Now In The Meantime

 

Genesis 2:19

 

One of the counters to the position of the Unity of Genesis as set forth in The Unity of Genesis and the Unity of the Pentateuch, is the KJV reading of Genesis 2:19, “And out of the ground the Lord God formed every beast of the field, and every fowl of the air….” A presumptive reading of this verse gives the impression that all the events of Genesis 2:19 chronologically follow all of the events of Genesis 2:18. And you are left wondering whether there is a contradiction between Genesis 1, where the beasts and the fowl were created a day before the creation of man, and Genesis 2, where there is an illusion that the beasts and the fowl were created after the creation of man.

 

But just as words sometimes shift meaning over time, syntax also shifts. Opening the verse with “and” might have provided a good English understanding of the Hebrew in the 17th century. But the modern reader reflexively reads “and then” - even though KJV does not say “and then.” NKJV deletes the conjunction altogether, but leaves the reader with no instruction on how to connect the two verses.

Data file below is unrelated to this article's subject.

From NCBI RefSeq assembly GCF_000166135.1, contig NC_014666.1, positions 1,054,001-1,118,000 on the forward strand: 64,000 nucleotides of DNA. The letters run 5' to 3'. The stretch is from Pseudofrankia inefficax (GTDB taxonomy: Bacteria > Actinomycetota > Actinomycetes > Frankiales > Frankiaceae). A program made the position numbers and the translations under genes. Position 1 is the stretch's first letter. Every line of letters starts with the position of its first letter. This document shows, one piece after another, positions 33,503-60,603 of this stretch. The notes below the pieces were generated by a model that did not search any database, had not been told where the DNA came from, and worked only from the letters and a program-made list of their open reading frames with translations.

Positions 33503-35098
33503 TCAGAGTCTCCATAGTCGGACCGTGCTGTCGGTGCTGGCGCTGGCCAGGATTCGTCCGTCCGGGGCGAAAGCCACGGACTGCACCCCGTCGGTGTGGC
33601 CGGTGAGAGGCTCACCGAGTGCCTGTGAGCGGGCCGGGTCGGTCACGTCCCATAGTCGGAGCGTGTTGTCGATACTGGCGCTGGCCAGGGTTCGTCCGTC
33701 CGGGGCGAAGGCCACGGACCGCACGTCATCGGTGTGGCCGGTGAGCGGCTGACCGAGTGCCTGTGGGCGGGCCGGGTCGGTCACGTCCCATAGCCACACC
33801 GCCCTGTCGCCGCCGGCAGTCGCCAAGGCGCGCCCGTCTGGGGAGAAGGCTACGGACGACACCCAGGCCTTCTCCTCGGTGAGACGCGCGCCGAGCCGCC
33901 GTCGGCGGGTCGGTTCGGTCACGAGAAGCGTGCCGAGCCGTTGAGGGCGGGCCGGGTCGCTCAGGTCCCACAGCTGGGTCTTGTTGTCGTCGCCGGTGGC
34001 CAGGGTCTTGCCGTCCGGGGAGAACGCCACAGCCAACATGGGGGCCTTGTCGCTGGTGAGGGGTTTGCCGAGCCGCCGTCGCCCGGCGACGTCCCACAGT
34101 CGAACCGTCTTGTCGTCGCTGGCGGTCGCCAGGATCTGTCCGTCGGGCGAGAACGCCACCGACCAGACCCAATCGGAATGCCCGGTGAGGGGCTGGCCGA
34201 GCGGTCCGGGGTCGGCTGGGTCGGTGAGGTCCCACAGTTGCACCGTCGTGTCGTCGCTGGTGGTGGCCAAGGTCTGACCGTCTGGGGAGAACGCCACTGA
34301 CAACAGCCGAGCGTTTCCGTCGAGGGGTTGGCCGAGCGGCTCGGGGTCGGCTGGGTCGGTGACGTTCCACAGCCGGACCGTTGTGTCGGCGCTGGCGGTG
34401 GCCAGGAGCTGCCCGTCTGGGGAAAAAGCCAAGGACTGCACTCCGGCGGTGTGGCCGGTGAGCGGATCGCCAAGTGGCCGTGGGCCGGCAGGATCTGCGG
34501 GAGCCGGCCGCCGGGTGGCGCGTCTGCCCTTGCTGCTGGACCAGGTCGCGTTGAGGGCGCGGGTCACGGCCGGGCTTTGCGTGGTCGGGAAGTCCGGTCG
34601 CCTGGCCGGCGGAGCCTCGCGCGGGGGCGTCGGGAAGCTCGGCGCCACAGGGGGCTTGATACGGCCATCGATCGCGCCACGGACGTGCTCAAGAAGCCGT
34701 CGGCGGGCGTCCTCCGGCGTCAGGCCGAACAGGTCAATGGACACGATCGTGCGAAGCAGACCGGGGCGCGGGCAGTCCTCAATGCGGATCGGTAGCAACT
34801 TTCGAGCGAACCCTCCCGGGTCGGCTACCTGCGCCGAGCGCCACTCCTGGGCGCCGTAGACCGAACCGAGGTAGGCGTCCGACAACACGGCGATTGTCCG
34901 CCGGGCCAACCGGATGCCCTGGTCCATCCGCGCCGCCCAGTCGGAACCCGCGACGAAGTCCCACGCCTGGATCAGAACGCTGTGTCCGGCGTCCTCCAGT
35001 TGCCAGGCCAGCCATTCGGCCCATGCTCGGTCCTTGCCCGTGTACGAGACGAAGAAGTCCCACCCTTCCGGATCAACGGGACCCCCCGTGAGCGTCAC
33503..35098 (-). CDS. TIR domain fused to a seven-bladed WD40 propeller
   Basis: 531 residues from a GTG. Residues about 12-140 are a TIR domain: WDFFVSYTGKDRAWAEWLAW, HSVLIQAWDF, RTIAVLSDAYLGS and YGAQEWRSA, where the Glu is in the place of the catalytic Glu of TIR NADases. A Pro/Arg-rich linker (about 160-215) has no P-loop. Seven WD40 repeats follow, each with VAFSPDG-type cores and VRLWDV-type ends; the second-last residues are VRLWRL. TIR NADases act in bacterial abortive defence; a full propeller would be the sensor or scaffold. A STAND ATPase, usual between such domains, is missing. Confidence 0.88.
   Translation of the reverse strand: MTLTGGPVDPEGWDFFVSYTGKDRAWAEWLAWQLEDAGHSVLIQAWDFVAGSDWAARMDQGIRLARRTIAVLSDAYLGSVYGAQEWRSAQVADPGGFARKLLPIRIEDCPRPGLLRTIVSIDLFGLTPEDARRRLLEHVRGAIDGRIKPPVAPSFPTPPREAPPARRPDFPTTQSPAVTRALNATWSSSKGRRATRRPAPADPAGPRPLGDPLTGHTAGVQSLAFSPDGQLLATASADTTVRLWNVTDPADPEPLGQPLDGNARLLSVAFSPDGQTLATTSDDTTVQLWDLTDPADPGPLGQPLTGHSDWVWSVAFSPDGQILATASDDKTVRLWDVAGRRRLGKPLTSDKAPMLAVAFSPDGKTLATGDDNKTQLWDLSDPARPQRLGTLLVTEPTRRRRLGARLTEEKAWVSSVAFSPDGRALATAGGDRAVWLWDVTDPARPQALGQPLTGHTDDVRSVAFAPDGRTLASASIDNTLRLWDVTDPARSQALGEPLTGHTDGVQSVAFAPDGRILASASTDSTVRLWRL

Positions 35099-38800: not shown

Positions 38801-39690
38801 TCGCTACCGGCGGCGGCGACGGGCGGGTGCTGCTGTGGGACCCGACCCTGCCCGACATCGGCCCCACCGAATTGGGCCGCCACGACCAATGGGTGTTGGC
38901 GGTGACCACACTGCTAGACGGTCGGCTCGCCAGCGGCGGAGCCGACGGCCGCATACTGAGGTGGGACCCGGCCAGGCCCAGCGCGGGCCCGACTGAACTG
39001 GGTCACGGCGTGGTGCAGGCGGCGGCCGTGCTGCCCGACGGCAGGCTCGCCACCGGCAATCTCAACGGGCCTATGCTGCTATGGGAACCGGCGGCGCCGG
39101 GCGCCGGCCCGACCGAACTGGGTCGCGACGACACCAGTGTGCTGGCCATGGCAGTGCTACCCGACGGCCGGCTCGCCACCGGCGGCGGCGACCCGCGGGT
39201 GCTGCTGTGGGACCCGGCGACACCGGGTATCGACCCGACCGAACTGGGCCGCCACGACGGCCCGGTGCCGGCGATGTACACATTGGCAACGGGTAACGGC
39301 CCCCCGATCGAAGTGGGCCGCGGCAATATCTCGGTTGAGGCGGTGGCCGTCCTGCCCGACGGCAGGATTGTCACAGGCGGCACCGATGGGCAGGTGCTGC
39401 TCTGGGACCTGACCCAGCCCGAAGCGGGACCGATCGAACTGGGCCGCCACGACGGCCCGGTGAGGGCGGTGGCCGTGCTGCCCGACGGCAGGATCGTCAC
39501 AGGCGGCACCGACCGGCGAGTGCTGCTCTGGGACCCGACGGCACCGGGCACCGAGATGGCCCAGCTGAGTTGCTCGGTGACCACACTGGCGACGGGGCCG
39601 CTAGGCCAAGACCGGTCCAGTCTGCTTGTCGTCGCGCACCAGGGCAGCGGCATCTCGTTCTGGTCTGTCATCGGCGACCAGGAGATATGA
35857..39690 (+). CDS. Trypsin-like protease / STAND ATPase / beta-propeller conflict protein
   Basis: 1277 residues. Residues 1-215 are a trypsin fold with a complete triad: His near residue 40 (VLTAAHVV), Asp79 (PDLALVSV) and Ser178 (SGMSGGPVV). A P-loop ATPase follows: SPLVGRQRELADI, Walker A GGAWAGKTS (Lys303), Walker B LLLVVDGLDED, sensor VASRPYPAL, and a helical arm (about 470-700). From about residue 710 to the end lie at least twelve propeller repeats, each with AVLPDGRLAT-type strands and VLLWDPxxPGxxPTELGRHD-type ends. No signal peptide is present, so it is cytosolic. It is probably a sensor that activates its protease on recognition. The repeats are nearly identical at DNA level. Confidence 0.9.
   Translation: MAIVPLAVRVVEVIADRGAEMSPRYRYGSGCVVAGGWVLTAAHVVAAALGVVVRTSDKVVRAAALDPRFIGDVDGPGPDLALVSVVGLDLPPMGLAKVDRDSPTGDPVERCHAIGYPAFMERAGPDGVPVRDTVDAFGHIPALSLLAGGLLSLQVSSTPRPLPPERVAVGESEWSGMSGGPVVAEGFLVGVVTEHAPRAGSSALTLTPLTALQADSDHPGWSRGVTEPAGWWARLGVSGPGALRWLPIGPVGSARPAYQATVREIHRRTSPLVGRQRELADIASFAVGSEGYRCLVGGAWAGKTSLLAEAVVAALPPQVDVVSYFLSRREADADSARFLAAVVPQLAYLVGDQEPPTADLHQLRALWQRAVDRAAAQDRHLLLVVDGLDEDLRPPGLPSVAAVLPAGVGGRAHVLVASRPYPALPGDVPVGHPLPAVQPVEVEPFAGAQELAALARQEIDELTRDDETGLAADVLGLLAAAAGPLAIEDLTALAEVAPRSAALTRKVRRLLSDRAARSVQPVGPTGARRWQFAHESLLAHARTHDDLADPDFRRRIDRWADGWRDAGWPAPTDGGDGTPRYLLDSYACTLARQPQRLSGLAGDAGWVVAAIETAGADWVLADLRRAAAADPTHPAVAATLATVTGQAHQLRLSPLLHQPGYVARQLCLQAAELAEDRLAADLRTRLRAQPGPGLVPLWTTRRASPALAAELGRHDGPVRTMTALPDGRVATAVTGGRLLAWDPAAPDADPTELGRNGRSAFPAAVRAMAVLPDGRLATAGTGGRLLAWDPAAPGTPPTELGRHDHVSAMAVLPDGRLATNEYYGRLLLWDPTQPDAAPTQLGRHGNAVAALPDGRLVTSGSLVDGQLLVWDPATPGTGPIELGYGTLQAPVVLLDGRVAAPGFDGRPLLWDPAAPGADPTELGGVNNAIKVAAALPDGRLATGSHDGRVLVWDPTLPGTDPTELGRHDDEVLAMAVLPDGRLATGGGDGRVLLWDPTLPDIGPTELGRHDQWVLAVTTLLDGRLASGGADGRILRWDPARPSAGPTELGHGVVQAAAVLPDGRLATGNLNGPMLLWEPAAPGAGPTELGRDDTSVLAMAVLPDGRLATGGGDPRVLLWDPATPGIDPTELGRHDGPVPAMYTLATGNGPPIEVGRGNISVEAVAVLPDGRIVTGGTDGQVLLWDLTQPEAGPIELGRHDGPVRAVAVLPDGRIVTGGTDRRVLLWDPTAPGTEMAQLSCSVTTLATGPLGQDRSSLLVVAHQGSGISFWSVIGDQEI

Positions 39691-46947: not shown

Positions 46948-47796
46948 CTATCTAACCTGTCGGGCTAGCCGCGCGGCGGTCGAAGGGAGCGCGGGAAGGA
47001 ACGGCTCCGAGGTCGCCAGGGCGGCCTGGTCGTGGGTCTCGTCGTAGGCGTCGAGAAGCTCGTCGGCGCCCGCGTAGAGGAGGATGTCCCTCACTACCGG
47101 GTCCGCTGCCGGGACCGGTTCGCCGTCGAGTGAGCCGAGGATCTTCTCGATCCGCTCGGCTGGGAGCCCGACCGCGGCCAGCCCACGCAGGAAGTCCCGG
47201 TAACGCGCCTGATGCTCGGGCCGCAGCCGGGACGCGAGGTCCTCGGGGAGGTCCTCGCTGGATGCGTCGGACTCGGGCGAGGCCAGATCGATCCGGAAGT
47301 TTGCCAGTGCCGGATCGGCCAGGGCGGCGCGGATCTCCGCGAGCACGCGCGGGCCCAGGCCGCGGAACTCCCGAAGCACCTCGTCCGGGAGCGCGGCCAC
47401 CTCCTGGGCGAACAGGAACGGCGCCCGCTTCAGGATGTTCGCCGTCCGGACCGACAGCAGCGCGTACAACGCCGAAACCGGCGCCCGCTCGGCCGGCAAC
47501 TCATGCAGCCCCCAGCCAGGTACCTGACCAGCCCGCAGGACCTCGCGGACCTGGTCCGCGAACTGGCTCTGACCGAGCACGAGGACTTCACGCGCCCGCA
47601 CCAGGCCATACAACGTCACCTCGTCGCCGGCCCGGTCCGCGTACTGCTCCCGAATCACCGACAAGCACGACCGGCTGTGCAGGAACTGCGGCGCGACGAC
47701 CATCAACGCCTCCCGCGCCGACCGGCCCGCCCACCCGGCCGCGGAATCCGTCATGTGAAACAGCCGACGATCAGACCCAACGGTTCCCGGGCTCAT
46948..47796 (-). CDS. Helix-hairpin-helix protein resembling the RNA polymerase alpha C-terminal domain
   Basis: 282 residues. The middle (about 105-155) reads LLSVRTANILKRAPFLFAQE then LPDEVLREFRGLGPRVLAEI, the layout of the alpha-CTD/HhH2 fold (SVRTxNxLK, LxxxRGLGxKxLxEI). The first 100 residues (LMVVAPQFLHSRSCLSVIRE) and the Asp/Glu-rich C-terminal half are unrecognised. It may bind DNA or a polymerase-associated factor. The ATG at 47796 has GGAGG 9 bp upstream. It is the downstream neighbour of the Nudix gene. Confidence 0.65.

NIV “Now” – or perhaps “In the meantime" or “Now in the meantime” – is the best way to introduce Genesis 2:19 That way, we are not tempted to impute sequence on the events. “Now,” a conjunction and not an adverb, makes the time relationship between 2:18 and 2:19 indefinite. Genesis 1 records the beasts and the birds as created before man; Genesis 2 makes no statement of the order, and the result is we can be confident that day 5 occurred before day 6.

 

The time relationship between 2:18 and 2:19 is clarified as NIV continues “Now the LORD God had formed….” NIV, by using the pluperfect "had formed" actually backshifts the creation of the beasts and the fowl into a time prior to the events of 2:18. “Now the LORD had [already] formed the beasts and the fowl.” NIV better expresses the context to the modern reader.

The fact that God had already formed the beasts and the fowl is mere background material for the real message in Genesis 2:19. In Genesis 2:18, we were left with God observing it is not good for man to be alone. He begins a search for a help meet for Adam. In Genesis 2:19b, we see Adam and God cooperatively involved in that help meet.

 

Times have changed since the sixth day of creation. Man (Adam alone) was still living in a sinless state. There was no temptation toward bestiality or zoophilia or whatever they call it today. And there was definitely no civil rights movement striving to make bestiality legal. (The movement might not be strong in 2013, but I expect bestiality rights to be the next great moral conflict we face once the debate over the rights of those who practice homosexuality settles down.) Executing the search for a help meet involved God placing every species of life in front of Adam.